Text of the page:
Will Coleman and Tight Lines jumped a clear show jumping round at Kentucky this spring and only had one rail down at Kentucky last year, so their past form pointed to one rail or a clear round. Unfortunately, tension got to the horse and three rails came tumbling down. Will was already the drop score for the team, so it was up to Boyd, Phillip and Lynn to produce clear rounds.

“It was an interesting show jumping because you could see a lot of horses having hind-leg faults towards the end of the course,” Erik said, “so the cross country had definitely taken its toll.”

Boyd Martin and Tsetserleg (USA). Photo by Leslie Threlkeld.

Boyd and Tsetserleg fell victim to this, having the second to last fence down, as well as two parts of the treble combination. While Boyd said after the round that the horse can be difficult to manage in combinations, three down is certainly well above the average for this horse, who has never had more than one down at three-star or four-star level in his entire career.

“If the horse was going to have any faults, it would be what he had, but it was definitely more than we expected. The horse has a unique way of jumping in the ring, and Boyd is a master riding him in the ring, but it didn’t come off this time,” Erik said. “If a horse has any weaknesses they will show up at a championships. It’s always a little bit different — different tension from the atmosphere and all the small variables.”

Phillip Dutton and Z (USA). Photo by Leslie Threlkeld.

After Boyd had three down, the pressure was on for Phillip to jump clear with Z. Once again, Phillip proved why he is the anchor of our team and delivered a clear round to finish 13th in the horse’s first major championship.

“I’ve been fortunate enough to work with a lot of fantastic horses, and Z is right up there with the best horses I’ve ever been involved with,” Erik said. “He has come a long way and has more to come. Now it’s about making a long-term plan for the horse. When you get a uniquely talented horse like Z, you have to manage the longevity.”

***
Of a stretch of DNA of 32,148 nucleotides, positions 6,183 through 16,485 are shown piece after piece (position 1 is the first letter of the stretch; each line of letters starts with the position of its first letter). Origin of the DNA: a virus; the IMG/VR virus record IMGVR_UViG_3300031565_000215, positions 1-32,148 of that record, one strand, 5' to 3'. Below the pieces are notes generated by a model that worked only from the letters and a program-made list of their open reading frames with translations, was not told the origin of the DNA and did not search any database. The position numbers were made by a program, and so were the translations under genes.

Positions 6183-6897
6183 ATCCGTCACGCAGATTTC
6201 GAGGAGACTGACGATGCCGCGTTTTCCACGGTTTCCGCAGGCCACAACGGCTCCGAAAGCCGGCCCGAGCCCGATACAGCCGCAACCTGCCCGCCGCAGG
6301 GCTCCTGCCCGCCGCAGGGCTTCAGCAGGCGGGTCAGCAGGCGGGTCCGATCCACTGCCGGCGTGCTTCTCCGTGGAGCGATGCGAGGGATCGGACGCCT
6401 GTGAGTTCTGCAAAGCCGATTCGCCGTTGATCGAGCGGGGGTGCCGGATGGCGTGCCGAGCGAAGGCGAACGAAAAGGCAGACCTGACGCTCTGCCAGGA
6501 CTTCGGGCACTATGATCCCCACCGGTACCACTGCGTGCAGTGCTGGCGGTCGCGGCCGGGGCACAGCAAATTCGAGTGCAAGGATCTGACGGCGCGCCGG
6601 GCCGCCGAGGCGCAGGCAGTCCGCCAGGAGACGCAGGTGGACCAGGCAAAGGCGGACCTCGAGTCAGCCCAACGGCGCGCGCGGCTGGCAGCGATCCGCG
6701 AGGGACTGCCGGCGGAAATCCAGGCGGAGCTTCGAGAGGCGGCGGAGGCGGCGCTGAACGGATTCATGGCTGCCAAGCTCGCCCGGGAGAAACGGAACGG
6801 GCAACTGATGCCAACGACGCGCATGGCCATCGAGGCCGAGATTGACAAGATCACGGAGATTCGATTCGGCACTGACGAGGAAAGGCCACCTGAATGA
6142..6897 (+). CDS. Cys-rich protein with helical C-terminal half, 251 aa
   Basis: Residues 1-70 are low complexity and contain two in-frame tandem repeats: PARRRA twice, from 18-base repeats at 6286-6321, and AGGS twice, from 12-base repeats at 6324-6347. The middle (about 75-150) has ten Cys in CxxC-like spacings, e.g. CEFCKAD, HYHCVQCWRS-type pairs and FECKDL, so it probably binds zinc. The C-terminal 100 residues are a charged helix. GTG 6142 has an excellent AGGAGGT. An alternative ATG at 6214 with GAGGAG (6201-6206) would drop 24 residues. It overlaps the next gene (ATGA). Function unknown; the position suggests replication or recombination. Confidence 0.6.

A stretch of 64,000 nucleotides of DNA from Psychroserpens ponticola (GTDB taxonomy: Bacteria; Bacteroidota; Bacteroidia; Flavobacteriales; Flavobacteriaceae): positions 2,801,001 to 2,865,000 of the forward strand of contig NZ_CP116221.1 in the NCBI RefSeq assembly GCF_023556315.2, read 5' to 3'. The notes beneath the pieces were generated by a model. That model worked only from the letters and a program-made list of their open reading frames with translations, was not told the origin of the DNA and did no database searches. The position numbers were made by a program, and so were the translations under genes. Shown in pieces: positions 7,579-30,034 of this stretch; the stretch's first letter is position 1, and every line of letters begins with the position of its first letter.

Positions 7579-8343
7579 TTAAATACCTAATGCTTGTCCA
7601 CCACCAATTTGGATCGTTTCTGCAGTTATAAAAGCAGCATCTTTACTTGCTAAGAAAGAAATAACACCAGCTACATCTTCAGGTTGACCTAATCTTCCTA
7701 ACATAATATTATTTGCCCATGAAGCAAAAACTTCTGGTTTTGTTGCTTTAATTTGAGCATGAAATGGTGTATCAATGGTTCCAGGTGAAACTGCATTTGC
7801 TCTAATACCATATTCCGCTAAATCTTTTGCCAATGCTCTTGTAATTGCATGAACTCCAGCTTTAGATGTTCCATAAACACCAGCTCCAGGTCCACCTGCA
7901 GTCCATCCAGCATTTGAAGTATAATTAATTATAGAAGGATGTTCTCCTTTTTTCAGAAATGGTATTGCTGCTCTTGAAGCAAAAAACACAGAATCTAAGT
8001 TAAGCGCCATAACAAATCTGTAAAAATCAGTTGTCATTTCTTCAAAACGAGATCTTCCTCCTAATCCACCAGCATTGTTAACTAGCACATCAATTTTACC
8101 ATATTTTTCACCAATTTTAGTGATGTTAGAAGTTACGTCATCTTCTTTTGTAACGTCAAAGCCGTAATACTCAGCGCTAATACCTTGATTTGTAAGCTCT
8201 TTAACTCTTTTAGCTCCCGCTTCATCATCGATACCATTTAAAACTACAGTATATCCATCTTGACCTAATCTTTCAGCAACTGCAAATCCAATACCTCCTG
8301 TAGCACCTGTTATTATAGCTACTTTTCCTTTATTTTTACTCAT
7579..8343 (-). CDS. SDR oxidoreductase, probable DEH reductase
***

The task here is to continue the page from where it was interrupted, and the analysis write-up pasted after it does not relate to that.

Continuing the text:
Alan Wade’s show jumping track continued to shake up the leaderboard. By the time Lynn and Donner went in to jump, they could have one rail down and still secure Olympic qualification for the team. But Donner also fell victim to tension and pulled three rails — well above their average of one rail at this level.

“Donner came in and showed tension, and the way Lynn rode him was trying to nurse him into the ring,” Erik said. “She started off a little bit under-paced, and it’s difficult if you start that way and then try to start moving them up.”

Lynn Symansky and Donner (USA). Photo by Leslie Threlkeld.

The U.S. team ultimately finished in eighth place, 2.8 penalties shy of qualifying for Tokyo.

“It was a margin of a couple of points, which isn’t huge. But if that is the level we’re at right now in comparison to other nations, we just have to suck it up and get better, work harder and be better prepared for next time. That is all part of my thinking and learnings I’ve had over the last 10 months,” Erik said.

“It’s also been highly valuable for me to go to a championship with the team and see how all of the riders function in that type of scenario and under that type of pressure. From now onwards I have absolute clarity in what we need to do and where we need to go with this team.”

The U.S. must now qualify for the 2020 Olympics by winning the 2019 Pan Americans Games in Lima, Peru. (It’s not an unfamiliar scenario for the team, as the U.S. also had to secure qualification for the 2016 Rio Olympics by winning the 2015 Pan Ams after failing to qualify in Normandy.)

“Qualifying in Lima is not a practical way to go and has its own complexities,” Erik said, “but if we’re in this position in being eighth in the world, then we need to practice more with trying to win. We’ll have to use Lima as an experience that is positive rather than a negative.”

As for Erik’s final takeaways from WEG: “There was a lot of talk about Tryon as a championship venue and the difficulties the venue had in the lead-up, but I thought everyone pulled together and it ended up being a super competition. It was fantastic sport all the way through. When you look at the results and how few horses were eliminated — plus only a few rider falls and no horse falls — it’s down to Mark Phillips’s genius as course designer.

“It’s also very exciting to see nations like Ireland and Japan up there at the top. It’s really healthy for our sport. It’s not an easy sport to win medals because you have many countries now who are good, and that’s the challenge. I’m looking forward to the next two years leading up to Tokyo and improving the U.S. team’s performance so we can be competitive with the best in the world.”

Click here to catch up on all of EN’s coverage from Tryon.